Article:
The Resource Food and Agricultural Imports from China, Geoffrey S. Becker

Food and Agricultural Imports from China, Geoffrey S. Becker

Label
Food and Agricultural Imports from China
Title
Food and Agricultural Imports from China
Statement of responsibility
Geoffrey S. Becker
Creator
Contributor
Subject
Language
eng
Member of
Cataloging source
EJB
http://library.link/vocab/creatorName
Becker, Geoffrey S
Government publication
federal national government publication
Index
no index present
Literary form
non fiction
NAL call number
HF3005
Nature of contents
dictionaries
http://library.link/vocab/relatedWorkOrContributorName
Library of Congress
Series statement
CRS report for Congress
Series volume
RL34080
http://library.link/vocab/subjectName
  • Produce trade
  • Imports
  • Food
  • Consumer protection
  • Consumer protection
  • Food
  • Imports
  • Produce trade
  • China
  • United States
Label
Food and Agricultural Imports from China, Geoffrey S. Becker
Instantiates
Publication
Note
  • "Updated September 26, 2008."
  • "Order code RL34080."
  • Title from title screen (viewed Oct. 10, 2008)
  • China is now the third largest source of U.S. agricultural and seafood imports. A series of incidents have raised public concerns about the safety of these products. In September 2008, U.S. authorities said they broadened their testing of milk-derived products from China, following reports that melamine-contaminated baby formula has sickened tens of thousands of Chinese children. They also announced a recall of some coffee products that may contain melamine. Early in 2007, evidence emerged that adulterated pet food ingredients from China had caused the deaths of a large number of dogs and cats. In late June 2007, the U.S. Food and Drug Administration (FDA) announced that it was detaining all imports of farm-raised seafood from China until shippers could confirm they are free of unapproved drug residues. U.S. imports of Chinese agricultural and seafood products increased roughly fourfold, from 433,000 metric tons (MT) and $1 billion in 1997 to 2.1 million MT and $4.9 billion in 2007. However, the United States exported a much larger volume of these products to China in 2007: 14.7 million MT, valued at $8.8 billion. Two federal agencies -- FDA and the U.S. Department of Agriculture's (USDA's) Food Safety and Inspection Service (FSIS) -- are primarily responsible for the government's food regulatory system, although a number of other federal, state, and local agencies also have important roles. For imports, FSIS (which regulates the safety of most meat and poultry) relies on a very different regulatory system than FDA (which regulates the safety of all other foods). Although all imported food products must meet the same safety standards as domestically produced foods, international trade rules permit a foreign country to apply its own, differing, regulatory authorities and institutional systems in meeting such standards, under an internationally recognized concept known as "equivalence." China officials assert that they have been moving aggressively to improve their food safety system and to close unsafe plants. China in late 2007 concluded a memorandum of agreement with the United States aimed at improving the safety of traded food and feed products. Nonetheless, some Members of Congress continue to express sharp criticism of both China's food safety record and U.S. efforts to insure import safety. In the 110th Congress, committees on both sides of Capitol Hill held hearings on food safety concerns generally and on the China situation. Numerous bills were introduced focusing on imported food safety or containing such provisions, which would apply equally to Chinese imports. These bills include H.R. 2997, S. 1776, H.R. 1148/S. 654, H.R. 2108/S. 1274, H.R. 3100, H.R. 3610, H.R. 3624, H.R. 3937, H.R. 3967, and S. 2418. A provision in the FDA Amendments Act of 2007 (P.L. 110-85), passed in September 2007, requires an annual report to Congress with detailed data on FDA-regulated food imports. Also in 2007, Congress cleared a consolidated appropriation act for FY2008 which includes a provision blocking an FSIS rule to allow certain poultry products to be imported from China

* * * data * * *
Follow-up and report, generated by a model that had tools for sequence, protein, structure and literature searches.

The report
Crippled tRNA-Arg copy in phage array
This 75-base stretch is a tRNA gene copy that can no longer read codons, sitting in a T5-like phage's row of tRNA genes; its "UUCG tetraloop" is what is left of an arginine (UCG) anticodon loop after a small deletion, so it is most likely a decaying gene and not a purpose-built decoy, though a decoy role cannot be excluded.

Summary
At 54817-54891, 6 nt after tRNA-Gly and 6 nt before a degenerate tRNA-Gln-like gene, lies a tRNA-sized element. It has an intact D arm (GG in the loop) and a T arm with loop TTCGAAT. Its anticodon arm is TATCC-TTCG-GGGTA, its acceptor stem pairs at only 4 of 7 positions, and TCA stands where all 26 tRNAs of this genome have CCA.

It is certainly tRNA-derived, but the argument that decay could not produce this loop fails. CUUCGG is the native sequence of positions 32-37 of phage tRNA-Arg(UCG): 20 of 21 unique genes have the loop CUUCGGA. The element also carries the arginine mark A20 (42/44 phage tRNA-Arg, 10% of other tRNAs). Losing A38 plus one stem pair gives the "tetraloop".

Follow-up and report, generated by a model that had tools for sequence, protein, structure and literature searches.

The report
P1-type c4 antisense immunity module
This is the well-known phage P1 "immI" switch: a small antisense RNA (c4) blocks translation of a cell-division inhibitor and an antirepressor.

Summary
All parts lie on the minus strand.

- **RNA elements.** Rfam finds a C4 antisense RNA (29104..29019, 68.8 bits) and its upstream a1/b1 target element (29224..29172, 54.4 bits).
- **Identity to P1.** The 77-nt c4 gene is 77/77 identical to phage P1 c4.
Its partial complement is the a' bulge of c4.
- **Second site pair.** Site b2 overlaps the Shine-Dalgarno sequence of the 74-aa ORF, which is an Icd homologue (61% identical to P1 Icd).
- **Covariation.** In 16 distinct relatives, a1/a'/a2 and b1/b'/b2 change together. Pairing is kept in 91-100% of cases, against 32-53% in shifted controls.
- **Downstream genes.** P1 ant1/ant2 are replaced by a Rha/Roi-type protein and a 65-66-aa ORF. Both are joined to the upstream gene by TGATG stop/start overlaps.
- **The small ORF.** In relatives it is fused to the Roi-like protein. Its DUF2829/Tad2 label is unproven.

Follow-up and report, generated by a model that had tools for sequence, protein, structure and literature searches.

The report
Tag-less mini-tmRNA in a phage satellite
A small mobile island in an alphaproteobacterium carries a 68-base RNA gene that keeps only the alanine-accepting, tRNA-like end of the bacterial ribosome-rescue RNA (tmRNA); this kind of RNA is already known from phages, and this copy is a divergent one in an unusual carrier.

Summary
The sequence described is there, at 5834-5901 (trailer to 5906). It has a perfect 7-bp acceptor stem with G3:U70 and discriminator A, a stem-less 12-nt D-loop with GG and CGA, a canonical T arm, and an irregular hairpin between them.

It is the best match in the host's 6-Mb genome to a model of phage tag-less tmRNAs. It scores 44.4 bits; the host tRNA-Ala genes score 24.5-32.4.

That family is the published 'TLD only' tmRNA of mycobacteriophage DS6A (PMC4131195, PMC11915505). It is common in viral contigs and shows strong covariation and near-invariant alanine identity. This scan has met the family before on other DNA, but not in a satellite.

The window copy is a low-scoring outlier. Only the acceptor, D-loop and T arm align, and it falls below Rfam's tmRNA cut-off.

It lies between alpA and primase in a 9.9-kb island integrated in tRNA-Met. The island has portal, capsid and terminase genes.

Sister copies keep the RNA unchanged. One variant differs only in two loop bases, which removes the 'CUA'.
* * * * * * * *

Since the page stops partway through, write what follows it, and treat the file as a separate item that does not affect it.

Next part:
Carrier category
online resource
Carrier category code
cr
Carrier MARC source
rdacarrier
Color
mixed
Content category
text